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Showing posts from November, 2014

Readers and the social media

“If your readers aren’t on Tumblr, there’s no point in wasting your time with it.” The above wisdom sailed down my Twitter stream the other day. Unfortunately, I didn’t have the good sense to favour it so that I could give you the exact quote or – more importantly – who came up with it. But the message is understood without them:
In order to reach new readers, you have to be present where they are. It won’t happen the other way round.Back in a day, authors would only be available at a given time and place, i.e. on book tours. Readers would either show up or not, depending on the popularity of the author. Book tours haven’t disappeared anywhere, but they have become a luxury that publishers pay only for selected few. For most self-published authors, they aren’t an option at all.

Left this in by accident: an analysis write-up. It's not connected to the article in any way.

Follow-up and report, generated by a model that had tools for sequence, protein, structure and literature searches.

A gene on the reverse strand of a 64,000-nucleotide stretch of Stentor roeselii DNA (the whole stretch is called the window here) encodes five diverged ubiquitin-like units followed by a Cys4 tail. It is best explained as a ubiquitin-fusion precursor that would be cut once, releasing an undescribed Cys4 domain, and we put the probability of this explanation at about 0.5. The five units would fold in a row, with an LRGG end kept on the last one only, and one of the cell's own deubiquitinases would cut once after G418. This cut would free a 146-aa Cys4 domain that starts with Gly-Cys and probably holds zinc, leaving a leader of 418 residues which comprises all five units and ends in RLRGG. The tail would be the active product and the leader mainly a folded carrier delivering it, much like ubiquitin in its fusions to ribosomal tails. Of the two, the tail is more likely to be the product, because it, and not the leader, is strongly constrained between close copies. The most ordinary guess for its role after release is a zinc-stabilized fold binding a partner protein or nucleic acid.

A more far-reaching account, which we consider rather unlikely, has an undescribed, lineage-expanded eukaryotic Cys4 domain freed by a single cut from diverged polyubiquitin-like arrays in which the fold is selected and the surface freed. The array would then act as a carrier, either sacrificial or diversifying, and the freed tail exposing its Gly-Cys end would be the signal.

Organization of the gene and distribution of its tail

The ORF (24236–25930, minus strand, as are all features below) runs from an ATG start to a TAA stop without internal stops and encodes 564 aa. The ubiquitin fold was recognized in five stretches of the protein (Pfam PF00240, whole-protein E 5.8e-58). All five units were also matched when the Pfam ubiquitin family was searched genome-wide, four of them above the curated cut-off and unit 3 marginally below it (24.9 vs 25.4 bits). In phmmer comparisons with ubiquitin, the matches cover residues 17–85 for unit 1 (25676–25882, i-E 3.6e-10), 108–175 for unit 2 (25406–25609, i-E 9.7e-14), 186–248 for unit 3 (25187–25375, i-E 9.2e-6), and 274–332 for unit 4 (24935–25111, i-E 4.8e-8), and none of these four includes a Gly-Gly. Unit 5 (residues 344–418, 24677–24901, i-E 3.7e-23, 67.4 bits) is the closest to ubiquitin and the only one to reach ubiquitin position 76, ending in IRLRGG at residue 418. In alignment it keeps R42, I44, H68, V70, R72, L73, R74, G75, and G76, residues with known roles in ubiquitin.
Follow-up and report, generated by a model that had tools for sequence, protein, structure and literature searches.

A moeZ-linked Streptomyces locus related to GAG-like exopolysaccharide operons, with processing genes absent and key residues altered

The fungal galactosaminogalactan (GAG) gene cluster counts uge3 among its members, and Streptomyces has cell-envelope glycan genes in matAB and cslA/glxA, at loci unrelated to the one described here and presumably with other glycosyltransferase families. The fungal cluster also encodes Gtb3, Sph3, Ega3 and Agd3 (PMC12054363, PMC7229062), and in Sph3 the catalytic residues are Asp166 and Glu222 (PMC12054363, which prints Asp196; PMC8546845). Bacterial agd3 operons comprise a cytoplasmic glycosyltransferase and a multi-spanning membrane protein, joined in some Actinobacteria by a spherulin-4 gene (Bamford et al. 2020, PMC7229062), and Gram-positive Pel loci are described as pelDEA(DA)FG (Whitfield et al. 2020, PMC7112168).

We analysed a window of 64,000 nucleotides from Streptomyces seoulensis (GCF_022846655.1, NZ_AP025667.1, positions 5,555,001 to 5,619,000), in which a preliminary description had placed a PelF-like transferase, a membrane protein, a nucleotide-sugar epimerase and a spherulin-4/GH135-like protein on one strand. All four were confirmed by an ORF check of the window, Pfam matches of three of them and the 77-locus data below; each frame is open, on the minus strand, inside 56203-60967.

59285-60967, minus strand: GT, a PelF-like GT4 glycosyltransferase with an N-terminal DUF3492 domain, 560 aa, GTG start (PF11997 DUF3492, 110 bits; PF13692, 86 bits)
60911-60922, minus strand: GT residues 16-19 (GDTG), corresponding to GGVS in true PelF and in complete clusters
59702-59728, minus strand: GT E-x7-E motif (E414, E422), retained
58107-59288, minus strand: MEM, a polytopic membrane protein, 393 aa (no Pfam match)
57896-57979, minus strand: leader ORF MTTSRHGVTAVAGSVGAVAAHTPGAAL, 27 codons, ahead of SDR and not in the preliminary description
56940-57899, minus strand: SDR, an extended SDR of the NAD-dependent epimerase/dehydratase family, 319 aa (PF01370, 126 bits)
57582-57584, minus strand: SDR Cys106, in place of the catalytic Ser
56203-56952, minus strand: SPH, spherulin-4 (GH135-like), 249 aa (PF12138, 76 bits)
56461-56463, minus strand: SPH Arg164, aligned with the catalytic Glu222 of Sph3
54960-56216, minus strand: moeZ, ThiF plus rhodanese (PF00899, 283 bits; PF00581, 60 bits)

Thankfully, there’s the social media, where authors can be available at all times for everyone, everywhere. Depending on the popularity of the platform you use, the number of potential readers you could reach can …

Prologues, yay or nay?

I don’t like prologues. Never have. They are usually boring, overly long ramblings of things the author thinks a reader needs to know to understand the book. At worst, they are a necessary read before one gets to the actual book without any real content; at best they give a short glimpse to a character that then promptly dies, inciting the events thatfollow.
Whatever form they take, I have never written one for my books. I have heartily embraced every writing advice that tells to delete them. My books don’t need them.

I was, therefore, rather surprised when I found myself writing a prologue. The book was doing fine without it. It didn’t even occur to me to add it. Yet, the moment the notion of writing it entered my mind, it felt self-evident that the book needed it. So now it has one.
I’m writing a thriller – of sorts. Most of it is in the protagonist’s point of view. It works when I’m trying to keep the reader as much in the dark as the protagonist is, but at times it can be limiting. S…